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We're in love with a girl

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We're in love with a girl

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and her name is Lulu

We had been searching for a Llama to guard the sheep for weeks but all of the leads were dead ends.  Then we started contemplating the idea of a puppy but with a baby on the way we were worried it would be too much to handle. Everything we read about the Great Pyrenees breed seemed to fit exactly what we needed. They are an older breed that has been used for hundreds of years by shepherds, and also good with children and a family dynamic.  We found a breeder in Spokane that had three female puppies that had grown up in a barn with sheep and chickens. So we made the leap of faith that this would be a better decision in the long run and we haven't regretted it for a moment.  Her first day on the farm was full of trepidation, mostly on the Sheeps part, but soon she was a part of the gang.

A week has gone by and there were definitely moments we were worried that she was going to bond with us more than the sheep, but she now spends most of her days and all of her nights with the sheep, happily even. She is far from full grown and we are not sure how she would hold her own with a coyote so everyone is still locked up at night.  We are hoping in the future we will be able to leave her and the sheep to roam their paddocks and not need the gates and electric fencing to keep them safe at night. This means we will be able to use the pastures farther away from the house, but it also means we have more fencing and irrigation projects to start.  More to add to the to do list but its exciting to be able to utilize more of the land and see our plans become reality.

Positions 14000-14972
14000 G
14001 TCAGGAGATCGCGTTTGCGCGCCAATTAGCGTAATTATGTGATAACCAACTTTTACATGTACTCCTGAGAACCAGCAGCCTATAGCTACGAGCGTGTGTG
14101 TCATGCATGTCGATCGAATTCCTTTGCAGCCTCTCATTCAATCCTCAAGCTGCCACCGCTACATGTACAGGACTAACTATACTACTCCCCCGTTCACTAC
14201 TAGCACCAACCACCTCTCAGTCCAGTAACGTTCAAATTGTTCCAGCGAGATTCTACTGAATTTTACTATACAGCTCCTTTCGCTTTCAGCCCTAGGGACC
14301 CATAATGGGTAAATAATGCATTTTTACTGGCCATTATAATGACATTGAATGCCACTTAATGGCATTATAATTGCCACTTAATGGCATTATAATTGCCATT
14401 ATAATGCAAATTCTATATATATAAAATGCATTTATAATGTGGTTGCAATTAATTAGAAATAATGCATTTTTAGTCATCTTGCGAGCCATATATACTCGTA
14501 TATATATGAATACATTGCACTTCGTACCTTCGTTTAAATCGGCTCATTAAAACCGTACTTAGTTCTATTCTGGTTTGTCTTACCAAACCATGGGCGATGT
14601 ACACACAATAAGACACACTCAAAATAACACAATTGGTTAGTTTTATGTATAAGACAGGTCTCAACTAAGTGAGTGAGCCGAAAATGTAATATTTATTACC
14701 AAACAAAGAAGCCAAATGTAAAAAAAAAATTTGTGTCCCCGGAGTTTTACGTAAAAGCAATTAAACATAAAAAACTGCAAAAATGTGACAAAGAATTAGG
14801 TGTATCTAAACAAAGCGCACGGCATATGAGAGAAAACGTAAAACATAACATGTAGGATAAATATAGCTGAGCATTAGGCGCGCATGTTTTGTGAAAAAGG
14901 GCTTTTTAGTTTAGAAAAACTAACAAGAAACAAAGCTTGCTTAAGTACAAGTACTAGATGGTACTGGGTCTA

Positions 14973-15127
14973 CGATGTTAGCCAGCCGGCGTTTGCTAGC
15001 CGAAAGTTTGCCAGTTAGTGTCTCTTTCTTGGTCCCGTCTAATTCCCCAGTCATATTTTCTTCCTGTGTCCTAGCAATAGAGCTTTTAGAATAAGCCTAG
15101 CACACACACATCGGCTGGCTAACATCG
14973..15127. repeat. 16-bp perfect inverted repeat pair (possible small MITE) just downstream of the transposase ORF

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Animal Farm

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Animal Farm

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This week has been full of thunderstorms, double rainbows, and getting to know our 13 Icelandic Sheep.  They were a little worked up after making the long trip from Whidbey Island in a little trailer Matt had made for them. We were also a little nervous not having found a Llama to guard them so we made one of the horse shelters as secure as we could and breathed a sigh of relief when we woke up in the morning to find them all there and ready for us to let them out on the grass. They are warming up to us a little bit but still a little camera shy.